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Is responsible mining possible?

  • by JW

“Our reliance on the industry makes it more important than ever to do what we can to operate using sustainable practices.” [Atkinsons Bullion] 


Mining is a very sensitive issue.

In the run-up to the festive season, there will again be the debate over reindeer and the Sami way of life being threatened by mining interests.

There is the ongoing debate over how ‘green’ electric vehicles are – partly because of the cobalt in your car battery, much of which is mined in very unsustainable and socially irresponsible ways. 

On the other hand, there are suggested ways out of these practices, including local production of key minerals, with Cornwall ‘looking to become a global hub for sourcing’ lithium, another key battery component.

However, when it comes to mining [or quarrying] locally it is not so straightforward. In 2021 plans for a 150-acre quarry near Ottery were rejected, and yet earlier this year, permission was finally granted to quarry following a public inquiry. Meanwhile, not far from Frome last year, the promise of up to 300 new jobs was given as the reason for supporting plans for a new concrete factory near one of the area’s main quarries.

Perhaps, then, we need to be really inventive. For example, we are beginning to recycle, repair and  reuse buildings, which is being dubbed ‘urban mining’  as a really sustainable look to sourcing key minerals.

And yet, in the heart of Sidmouth, the only mention of ‘sustainability’ from the developers of the town’s most contentious site is the ‘sustainable location’ of Knowle, otherwise known as ‘greenwashing‘, as retrofitting the old HQ would have been ‘more sustainable’ and ‘better for the environment’.

“Our annual report finds industry efforts to avoid funding human rights abuses worsening almost across the board” August 2023: Microsoft’s concerning conflict minerals disclosure reflects industry-wide slippage |

To finish with parts of the world where most of our minerals come from, the mining industry has been keen to clean up its image – whether it’s ‘blood diamonds‘ in Africa, ‘blood gold’ in the Brazilian rain forest or ‘blood mineral’ traders in Rwanda helping to fund Congo rebels. As highlighted by the Responsible Minerals Initiative:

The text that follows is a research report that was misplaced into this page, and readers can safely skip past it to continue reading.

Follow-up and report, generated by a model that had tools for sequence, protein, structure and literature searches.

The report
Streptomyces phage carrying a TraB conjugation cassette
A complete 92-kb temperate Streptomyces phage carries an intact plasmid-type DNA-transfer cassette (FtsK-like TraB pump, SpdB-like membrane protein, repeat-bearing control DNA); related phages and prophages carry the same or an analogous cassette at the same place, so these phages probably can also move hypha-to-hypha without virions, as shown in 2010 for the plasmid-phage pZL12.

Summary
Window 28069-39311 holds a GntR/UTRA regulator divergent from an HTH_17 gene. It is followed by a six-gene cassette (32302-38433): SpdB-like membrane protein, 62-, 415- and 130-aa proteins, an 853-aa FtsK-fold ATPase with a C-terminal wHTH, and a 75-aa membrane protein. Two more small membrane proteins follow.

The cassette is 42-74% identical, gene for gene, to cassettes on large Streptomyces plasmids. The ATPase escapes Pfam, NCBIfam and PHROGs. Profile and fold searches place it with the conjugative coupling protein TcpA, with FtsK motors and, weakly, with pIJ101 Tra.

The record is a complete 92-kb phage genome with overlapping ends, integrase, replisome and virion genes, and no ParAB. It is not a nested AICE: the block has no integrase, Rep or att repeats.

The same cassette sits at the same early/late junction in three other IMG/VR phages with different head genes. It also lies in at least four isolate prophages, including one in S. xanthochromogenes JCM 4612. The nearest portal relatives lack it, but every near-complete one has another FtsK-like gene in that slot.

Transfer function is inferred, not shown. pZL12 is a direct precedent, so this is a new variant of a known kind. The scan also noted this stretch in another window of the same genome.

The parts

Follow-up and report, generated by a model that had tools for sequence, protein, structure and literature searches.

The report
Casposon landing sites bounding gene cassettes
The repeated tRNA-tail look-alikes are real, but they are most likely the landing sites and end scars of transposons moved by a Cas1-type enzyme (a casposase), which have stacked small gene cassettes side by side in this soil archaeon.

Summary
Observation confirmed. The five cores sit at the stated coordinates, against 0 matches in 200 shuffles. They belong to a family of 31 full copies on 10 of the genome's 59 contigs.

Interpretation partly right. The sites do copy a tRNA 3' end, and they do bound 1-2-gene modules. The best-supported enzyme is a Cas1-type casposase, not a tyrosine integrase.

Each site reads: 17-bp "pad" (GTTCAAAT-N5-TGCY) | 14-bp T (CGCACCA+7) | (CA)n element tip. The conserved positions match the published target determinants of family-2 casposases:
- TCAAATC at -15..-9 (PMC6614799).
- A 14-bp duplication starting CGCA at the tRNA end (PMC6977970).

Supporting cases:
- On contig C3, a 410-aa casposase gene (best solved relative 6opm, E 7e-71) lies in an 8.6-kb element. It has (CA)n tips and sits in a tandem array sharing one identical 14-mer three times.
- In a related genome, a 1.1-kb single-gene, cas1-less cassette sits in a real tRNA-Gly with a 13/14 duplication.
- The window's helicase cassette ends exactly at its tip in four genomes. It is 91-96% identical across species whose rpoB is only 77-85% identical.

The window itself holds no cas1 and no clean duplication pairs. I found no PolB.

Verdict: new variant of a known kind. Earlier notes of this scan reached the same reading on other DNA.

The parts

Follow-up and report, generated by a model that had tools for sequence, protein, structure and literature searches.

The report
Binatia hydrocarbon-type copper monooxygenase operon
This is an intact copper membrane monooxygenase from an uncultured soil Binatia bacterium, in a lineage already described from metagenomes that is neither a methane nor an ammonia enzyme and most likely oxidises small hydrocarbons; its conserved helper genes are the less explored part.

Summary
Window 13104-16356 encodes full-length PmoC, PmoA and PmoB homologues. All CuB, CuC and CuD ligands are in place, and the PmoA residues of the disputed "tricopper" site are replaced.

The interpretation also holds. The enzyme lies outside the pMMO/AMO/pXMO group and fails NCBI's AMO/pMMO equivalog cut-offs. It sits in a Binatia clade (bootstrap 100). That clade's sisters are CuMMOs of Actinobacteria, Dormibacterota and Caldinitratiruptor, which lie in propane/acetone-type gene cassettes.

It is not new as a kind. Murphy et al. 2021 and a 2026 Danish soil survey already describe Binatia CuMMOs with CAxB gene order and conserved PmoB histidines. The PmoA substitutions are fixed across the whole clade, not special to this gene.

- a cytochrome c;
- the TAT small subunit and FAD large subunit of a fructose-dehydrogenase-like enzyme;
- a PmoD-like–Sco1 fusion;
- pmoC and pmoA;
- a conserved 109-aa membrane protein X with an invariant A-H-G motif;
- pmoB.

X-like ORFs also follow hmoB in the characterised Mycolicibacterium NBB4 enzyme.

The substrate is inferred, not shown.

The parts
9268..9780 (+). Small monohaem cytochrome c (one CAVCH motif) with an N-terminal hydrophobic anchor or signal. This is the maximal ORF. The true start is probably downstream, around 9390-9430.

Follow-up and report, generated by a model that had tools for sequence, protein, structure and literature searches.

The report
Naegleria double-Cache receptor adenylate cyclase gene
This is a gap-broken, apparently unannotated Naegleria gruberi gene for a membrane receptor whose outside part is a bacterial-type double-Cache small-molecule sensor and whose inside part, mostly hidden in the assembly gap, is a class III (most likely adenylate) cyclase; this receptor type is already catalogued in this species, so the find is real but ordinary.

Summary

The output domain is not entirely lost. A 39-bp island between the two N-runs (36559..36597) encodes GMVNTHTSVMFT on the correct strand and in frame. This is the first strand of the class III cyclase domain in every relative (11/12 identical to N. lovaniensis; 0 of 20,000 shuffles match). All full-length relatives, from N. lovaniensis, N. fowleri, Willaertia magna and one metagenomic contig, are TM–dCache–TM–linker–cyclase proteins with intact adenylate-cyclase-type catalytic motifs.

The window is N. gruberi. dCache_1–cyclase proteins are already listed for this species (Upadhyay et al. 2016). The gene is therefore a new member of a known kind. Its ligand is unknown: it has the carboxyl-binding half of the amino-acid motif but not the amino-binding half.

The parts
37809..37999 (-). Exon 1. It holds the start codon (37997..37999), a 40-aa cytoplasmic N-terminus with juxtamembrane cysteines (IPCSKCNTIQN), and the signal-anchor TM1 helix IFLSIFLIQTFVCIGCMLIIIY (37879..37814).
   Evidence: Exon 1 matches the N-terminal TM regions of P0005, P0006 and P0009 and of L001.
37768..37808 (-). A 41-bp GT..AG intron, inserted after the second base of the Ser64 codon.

“Conflict minerals,” as defined by the US legislation, currently include the metals tantalum, tin, tungsten and gold, which are the extracts of the minerals cassiterite, columbite-tantalite and wolframite, respectively. Downstream companies often refer to the extracts of these minerals as 3TG.

Meanwhile, the bullion traders Atkinsons have produced an extensive overview of responsible mining in developing countries – including a reminder of how much we in Britain depend on these resources:

In the UK, mining is still at the forefront of most metal production, with as much as 40 million tonnes of metal imported every year from global supply chains... If the numbers tell us nothing else, it’s that mining still plays a crucial part in the progression and development of the world around us. This reliance on the industry makes it more important than ever to do what we can to operate using sustainable practices. 

And whilst the Atkinsons report states that billions in sustainable financial incentives are being offered to mining companies, the 2023 Banking on Climate Chaos report from the Rainforest Action Network notes that banks are continuing to increase their financing of coal mining, to take but one investment sector.

So, yes, mining continues to be a very sensitive issue…